More on Facebook, virtual and augmented reality, and it’s long-term strategic play. Then, Tim Cook gave a remarkable speech on privacy; how much does Apple’s stance matter?
Virtual reality has always been destined to be less important than augmented reality, and Facebook taking a stake has never made much sense.
A quick update on the Bloomberg chip story, then another founder whose company was acquired is leaving Facebook. This may be a smoother exit on the surface, but the conflicts are likely more substantive.
Mark Zuckerberg’s keynote at Oculus 4 gave the clearest indication yet why Facebook might be interested in Virtual Reality. Then, Trump challenges the first amendment, so why are folks eager for regulation of content? Plus, Facebook isn’t trustworthy either.
Google announced ARCore, which is basically copying ARKit (and abandoning Project Tango). The company that stands to benefit the most from the news is actually Apple.
Google’s I/O was exactly what you would expect from Google, and that’s a great sign for the company.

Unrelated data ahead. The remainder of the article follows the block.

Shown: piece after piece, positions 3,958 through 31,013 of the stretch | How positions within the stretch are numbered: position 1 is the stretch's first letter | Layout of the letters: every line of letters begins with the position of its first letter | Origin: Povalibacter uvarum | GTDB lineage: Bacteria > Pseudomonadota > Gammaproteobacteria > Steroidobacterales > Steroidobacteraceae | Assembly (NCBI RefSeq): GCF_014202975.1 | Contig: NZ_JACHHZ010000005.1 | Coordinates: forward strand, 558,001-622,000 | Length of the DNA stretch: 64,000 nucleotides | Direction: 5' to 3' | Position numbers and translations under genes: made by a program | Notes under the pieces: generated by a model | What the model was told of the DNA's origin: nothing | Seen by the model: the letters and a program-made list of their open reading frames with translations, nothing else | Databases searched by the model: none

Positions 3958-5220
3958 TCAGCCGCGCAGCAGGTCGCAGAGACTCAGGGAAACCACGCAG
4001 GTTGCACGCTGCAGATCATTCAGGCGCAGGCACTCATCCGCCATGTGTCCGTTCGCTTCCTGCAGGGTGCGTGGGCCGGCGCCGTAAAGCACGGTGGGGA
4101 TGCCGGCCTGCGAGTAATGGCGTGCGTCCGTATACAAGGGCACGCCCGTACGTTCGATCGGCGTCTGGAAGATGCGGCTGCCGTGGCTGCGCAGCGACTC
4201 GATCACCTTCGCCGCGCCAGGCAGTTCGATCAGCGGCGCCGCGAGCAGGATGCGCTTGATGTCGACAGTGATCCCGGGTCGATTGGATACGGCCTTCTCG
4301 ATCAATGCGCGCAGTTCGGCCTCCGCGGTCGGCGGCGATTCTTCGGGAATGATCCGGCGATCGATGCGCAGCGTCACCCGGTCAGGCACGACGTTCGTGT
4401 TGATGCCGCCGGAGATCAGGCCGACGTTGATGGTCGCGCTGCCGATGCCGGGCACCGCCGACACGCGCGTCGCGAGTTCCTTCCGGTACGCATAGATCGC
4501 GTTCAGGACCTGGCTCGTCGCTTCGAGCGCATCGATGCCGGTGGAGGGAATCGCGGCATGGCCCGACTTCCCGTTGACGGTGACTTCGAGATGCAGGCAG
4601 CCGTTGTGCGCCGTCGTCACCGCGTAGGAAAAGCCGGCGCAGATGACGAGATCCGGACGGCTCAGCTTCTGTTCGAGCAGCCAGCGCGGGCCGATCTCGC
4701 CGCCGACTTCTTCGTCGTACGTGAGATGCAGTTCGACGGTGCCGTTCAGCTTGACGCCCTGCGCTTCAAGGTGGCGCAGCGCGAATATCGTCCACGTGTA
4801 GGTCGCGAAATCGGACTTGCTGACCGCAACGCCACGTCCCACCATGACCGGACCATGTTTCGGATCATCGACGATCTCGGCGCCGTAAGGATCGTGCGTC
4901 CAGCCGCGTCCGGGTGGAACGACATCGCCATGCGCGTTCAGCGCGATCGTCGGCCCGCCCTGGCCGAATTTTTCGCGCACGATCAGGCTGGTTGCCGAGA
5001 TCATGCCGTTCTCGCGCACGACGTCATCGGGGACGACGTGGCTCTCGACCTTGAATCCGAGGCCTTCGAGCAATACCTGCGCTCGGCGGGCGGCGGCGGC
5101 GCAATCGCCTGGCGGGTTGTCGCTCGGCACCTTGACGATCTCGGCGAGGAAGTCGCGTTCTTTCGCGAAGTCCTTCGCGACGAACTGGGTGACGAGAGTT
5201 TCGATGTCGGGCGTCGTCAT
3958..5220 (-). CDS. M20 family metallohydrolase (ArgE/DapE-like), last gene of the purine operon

Apple had several announcements that were relatively boring from a product perspective but very interesting when it comes to strategy. Plus, its new “Clips” app may point to new products in the future.
Workplace by Facebook is very compelling, but success will require full-on commitment from both Facebook and adopting companies. Plus, if Facebook is serious about enterprise they should buy Okta, and why Mark Zuckerberg’s vision for VR makes me uneasy.
Pokémon Go is a phenomena. What matters, though, is what it says about Nintendo and the way it might approach mobile going forward. Plus, what makes a good product, and why the augmented reality hype is both overblown yet justified.
The Oculus Rift officially launches today, and will be followed soon by the HTC Vive and the Sony PlayStation VR. I’m optimistic about virtual reality, but I still don’t understand why Facebook is involved: the company should learn from Google and Android.